Sven-Eric Johanson, a composer in his sixties,
stares out at us with wild hair and Dali-esque waxed moustachios,
from the cover of this 1995 issue from Proprius. We are not given
his date of birth as far as I can tell from the Swedish-only notes.
He has written prolifically including twelve symphonies and the
Saga of the Rings (after Tolkien). His range can perhaps
be perceived from these pieces from which we may guess that he
has a quirkily humorous and certainly effective approach to writing
for voices as in the nine Shakespeare Fancies which are
for four voices and an audaciously adventurous piano which makes
light of fragments of Grieg's Spring in Lovers Love
the Spring and in other songs with Beethoven's Fifth Symphony.
These English language settings remind me of Geoffrey Bush's pacy
and lively vocal settings as in the wonderful Summer Serenade
(try it on Chandos) and Hesperides.
The nine Shakespeare songs are Sylvia;
Under the greenwood tree; Blow blow thou winter wind;
Fancy; O mistress mine; Lovers love the spring;
Winter; Dirge; Hark hark the lark. These
songs have most recently been recorded on a Danacord collection
of Shakespeare settings although there a full choir is used. Here
the definition and word enunciation is more sharply etched.
After two choral works of the 1970s Proprius
proffer two works for solo piano from the 1950s. The Ten
Epigrams (each separately tracked) are brief lively Schoenbergian
essays, terse, tending to a sort of liquid free-flowing impressionism
mostly dreamy with a single outburst in the tempestuous little
Eighth Epigram. The Sonata is an unforgivingly discontinuous
exercise declaring unreservedly its credentials from the 'plink-plunk'
school. The Epigrams are more approachable. The Sonata
for solo flute occupies the same territory as the Epigrams
and in the third movement even tries its hand at levity.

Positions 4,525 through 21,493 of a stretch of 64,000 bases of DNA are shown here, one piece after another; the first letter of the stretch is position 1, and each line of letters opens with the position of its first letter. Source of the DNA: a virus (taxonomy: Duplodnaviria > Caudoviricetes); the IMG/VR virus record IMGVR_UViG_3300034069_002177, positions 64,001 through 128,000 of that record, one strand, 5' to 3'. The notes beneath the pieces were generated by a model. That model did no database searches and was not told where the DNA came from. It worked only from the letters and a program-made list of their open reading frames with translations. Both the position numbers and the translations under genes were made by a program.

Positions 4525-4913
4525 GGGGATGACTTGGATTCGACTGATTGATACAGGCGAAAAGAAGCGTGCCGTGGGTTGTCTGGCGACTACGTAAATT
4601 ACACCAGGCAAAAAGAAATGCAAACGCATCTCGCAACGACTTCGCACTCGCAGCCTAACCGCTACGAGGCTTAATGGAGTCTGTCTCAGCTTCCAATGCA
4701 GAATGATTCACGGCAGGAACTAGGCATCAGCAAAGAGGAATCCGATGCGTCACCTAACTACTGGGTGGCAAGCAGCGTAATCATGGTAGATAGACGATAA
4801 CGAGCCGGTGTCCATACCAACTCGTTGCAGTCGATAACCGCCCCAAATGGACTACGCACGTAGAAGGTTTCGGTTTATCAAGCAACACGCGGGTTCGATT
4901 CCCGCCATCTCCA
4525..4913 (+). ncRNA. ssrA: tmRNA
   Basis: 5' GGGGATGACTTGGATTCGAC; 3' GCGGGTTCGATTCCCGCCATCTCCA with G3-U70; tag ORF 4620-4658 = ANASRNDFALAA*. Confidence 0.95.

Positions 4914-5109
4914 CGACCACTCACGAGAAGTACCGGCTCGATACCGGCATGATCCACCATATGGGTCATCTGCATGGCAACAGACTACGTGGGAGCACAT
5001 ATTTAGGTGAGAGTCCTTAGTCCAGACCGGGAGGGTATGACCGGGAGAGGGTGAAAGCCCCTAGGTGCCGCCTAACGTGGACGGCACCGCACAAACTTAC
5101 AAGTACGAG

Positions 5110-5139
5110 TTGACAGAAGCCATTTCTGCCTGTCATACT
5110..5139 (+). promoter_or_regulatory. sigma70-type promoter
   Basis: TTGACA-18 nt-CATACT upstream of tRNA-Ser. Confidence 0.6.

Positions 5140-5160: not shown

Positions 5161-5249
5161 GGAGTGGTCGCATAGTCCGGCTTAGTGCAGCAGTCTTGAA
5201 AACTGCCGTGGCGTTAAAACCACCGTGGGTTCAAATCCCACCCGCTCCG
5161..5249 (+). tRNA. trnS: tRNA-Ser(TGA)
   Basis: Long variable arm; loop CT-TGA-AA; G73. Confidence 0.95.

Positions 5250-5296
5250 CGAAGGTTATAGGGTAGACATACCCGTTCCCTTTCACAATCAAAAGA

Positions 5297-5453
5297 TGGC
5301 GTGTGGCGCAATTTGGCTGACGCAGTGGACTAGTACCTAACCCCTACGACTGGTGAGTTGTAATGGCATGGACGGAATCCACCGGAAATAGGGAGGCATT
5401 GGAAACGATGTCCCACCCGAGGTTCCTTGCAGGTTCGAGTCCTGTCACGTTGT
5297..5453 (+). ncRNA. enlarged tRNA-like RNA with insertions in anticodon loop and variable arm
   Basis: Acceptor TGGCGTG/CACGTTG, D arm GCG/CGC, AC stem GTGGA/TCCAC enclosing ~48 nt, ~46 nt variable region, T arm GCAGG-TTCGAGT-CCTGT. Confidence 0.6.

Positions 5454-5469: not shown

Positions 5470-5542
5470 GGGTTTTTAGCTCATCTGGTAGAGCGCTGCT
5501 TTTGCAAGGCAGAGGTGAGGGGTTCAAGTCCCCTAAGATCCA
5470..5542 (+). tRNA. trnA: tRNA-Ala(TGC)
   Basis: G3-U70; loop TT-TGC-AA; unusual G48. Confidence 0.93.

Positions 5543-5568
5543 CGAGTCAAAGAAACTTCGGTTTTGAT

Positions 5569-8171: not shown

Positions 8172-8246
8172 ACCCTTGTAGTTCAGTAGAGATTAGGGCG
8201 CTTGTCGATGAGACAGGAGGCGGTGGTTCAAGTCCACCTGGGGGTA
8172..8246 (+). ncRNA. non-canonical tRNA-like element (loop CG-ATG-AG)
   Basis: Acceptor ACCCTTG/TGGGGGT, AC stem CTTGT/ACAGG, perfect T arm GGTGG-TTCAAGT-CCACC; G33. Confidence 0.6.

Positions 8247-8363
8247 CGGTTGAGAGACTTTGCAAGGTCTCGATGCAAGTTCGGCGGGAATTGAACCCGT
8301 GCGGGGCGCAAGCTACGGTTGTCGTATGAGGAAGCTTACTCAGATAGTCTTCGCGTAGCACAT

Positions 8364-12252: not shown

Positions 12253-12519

Leaving the Schoenbergian domain Johanson sweeps
forward to the demure and flavourful Variations on a Crusaders'
theme for wind quintet. These are banded as a single track. These
demonstrate harmonic complexity but are highly melodic with flavours
of Iberian medieval instrumental ensembles mixed with Stravinsky's
Symphonies for Wind Instruments - nothing more intimidating
than that. The Variations end with the softly rounded crusaders'
theme stated in melodious harmony bringing the Variations full
The Johanson symphonies include No. 1 Sinfonia
Ostinata (1949), No. 5 Etemenanki (Elements Symphony)
and No. 8 Frödingsymfonin for soli, chorus and orchestra.
The Twelfth Symphony, dedicated 'in memoriam Arnold
Schoenberg' is designated by the composer as a 'chamber symphony'.
It is in four movements and especially in the outer movements
tramps dissonant foothills combining a sun-dappled atmosphere
with the lyrical warmth Johanson seems to have found since the
1980s and with which he has always been in touch in his vocal
works. Solo instrumental lines emerge and float free in neo-Baroque
concerto grosso style. In the third movement allegro scherzoso
a helter-skelter chase is painted in chatter and rattle.
A switch-back ride through the wildly varied
realms of a Swedish composer just as home in tangy Schoenbergian
motley as in the modern zany choral tonalism.